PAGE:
LOS ANGELES (CBSLA.com) — As Thanksgiving approaches, experts are saying a regular food-preparation practice may increase the risk of developing a food-borne illness.

A recent study suggests 90% of Americans wash their poultry before cooking it.

But the U.S. Department of Agriculture has advised against washing raw poultry, including turkey and chicken, according to food researcher Jennifer Quinlan. The department suggests that, rather than getting rid of bacteria, washing your raw poultry is more likely to spread it around your sink. This increases the risk of contaminating clean dishes, which would make the bacteria easier to ingest.

“In literature, they call it aerisolization,” Quinlan said. “You’ve got this tiny spray, this microscopic spray, that is splashing back.”

In a demonstration using a black light, Chef Carol Cotner Thompson of The New School of Cooking showed what can happen when a turkey is washed.

The turkey was covered using a substance called Glo-Germ, which acted to simulate bacteria, and was rinsed in the sink.

The results were troubling.

Despite an otherwise clean-looking sink and counter, when the lights were turned off, the black light revealed the Glo-Germ had spread. Orange dots were found around the sink, including on the faucet and handles, as well as on the counter, and on Thompson herself.

“My hands are a mess, but it even went up my arm,” Thompson said.

Some areas were still exposed to contamination by the substance even after they were cleaned a second time, showing that dangerous bacteria such as Salmonella can be difficult to avoid if proper steps are not taken.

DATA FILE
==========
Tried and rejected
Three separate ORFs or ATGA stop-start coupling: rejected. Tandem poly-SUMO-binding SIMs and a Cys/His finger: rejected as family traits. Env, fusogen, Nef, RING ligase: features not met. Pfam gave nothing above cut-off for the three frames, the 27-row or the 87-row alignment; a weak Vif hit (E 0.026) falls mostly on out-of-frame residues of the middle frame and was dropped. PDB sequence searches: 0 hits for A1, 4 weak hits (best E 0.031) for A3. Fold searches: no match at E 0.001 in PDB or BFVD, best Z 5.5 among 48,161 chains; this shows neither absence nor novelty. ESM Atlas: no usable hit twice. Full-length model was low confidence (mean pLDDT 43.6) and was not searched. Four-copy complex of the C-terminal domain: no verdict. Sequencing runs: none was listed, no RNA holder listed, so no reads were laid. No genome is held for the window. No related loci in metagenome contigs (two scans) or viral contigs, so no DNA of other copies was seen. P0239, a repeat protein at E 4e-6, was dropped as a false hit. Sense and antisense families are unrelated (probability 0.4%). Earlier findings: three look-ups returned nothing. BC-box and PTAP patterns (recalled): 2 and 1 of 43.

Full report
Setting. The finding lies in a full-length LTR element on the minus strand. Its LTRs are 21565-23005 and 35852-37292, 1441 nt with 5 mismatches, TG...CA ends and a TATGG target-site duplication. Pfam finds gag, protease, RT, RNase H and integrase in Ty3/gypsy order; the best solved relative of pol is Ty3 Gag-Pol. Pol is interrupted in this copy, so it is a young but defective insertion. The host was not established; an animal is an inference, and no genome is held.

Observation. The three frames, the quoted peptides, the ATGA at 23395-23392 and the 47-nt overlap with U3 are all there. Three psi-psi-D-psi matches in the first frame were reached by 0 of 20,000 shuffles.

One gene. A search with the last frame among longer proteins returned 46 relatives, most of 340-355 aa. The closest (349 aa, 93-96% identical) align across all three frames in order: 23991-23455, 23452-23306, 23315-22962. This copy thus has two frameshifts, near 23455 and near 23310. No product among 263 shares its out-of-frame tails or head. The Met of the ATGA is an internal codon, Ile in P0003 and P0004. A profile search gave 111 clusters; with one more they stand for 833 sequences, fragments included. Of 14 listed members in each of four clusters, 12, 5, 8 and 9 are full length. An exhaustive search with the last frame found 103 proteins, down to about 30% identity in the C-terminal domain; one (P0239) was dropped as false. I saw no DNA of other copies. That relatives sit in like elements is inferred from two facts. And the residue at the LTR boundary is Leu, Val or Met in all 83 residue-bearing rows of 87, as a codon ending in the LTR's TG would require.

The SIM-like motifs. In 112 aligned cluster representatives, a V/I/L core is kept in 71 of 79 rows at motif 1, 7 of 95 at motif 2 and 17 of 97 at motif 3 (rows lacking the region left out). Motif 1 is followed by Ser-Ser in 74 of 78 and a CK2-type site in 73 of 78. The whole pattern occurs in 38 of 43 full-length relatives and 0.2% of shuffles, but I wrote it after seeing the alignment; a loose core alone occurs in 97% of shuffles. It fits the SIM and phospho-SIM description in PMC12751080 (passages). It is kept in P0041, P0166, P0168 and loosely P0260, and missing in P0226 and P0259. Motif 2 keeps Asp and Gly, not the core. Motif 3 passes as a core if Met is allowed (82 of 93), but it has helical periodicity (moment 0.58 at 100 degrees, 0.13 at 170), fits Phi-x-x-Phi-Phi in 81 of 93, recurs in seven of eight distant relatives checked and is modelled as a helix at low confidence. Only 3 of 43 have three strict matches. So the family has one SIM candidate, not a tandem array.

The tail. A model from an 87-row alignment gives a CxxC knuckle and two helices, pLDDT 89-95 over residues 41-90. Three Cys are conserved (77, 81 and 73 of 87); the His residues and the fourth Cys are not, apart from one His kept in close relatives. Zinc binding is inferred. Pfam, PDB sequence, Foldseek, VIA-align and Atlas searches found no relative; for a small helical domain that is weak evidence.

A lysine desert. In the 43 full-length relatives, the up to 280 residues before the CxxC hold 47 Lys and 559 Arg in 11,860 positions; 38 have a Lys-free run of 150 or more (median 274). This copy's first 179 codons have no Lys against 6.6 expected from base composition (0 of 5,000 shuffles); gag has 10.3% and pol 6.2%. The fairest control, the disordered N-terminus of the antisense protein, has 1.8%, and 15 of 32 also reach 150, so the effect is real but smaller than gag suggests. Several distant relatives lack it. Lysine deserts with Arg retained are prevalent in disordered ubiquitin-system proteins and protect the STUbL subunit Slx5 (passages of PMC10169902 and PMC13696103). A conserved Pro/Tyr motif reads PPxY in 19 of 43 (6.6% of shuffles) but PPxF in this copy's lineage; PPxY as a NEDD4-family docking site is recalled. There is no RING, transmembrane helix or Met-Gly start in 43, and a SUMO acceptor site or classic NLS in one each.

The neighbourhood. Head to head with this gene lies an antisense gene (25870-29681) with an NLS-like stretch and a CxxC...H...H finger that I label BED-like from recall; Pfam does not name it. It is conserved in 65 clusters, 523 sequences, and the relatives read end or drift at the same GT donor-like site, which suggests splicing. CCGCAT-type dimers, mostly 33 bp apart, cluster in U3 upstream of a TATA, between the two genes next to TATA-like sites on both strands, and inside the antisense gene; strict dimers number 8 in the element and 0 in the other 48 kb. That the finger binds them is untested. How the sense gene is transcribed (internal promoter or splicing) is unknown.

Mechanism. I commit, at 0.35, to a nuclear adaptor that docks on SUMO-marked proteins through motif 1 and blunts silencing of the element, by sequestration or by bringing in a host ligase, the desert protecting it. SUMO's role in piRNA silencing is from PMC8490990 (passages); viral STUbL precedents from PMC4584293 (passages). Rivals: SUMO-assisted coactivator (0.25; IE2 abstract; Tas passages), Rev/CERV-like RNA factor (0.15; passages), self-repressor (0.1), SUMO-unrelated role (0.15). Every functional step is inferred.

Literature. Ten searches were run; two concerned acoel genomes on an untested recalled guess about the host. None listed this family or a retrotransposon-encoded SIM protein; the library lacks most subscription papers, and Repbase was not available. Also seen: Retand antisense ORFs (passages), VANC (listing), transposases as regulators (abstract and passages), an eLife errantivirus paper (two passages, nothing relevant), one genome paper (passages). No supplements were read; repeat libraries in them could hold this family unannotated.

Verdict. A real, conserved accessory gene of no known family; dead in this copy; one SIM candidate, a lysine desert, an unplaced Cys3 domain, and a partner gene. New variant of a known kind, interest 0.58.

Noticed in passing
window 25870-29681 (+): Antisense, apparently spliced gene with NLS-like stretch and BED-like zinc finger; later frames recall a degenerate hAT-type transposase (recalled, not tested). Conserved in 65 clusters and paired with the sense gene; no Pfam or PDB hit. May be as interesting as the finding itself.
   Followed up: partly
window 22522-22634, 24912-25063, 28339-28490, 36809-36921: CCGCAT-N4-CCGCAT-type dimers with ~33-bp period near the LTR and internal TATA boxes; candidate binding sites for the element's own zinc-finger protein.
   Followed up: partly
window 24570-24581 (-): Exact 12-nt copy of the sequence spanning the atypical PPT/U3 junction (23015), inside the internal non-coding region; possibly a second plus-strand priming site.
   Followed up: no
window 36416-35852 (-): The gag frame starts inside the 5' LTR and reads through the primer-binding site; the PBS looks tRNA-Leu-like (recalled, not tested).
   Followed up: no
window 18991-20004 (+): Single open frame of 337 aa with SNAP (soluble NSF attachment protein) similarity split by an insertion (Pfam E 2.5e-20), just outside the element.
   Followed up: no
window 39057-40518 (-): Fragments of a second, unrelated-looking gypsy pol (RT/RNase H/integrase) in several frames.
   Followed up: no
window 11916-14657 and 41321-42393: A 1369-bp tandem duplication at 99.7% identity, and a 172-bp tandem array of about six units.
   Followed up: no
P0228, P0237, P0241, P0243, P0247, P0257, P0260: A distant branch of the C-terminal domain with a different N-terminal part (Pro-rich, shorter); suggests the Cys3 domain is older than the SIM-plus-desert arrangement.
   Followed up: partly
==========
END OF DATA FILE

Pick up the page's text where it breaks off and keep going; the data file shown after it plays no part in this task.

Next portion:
“It can spread far, and it doesn’t take much to be in there to make you sick,” Quinlan said.

Instead, experts say to place the turkey, still in its bag, in the sink, and empty the juice before placing the turkey immediately in the roasting pan.

The New School of Cooking’s owner, Chef Chris Becker, gave CBS2’s Lisa Sigell a number of tips for those who do not want to give up washing their poultry this Thanksgiving:

–If you must wash the poultry, make sure that you do so in the deepest sink that you have, decreasing the effect of splashing water.

–Sanitize the area a second time with a few drops of bleach and water.

–If you simply want to clean the top of the bird, use a wet paper towel and wipe it down before throwing the towel away.

For more information on Thanksgiving safety tips, visit the USDA’s page about washing poultry and Drexel University’s Don’t Wash Your Chicken website.


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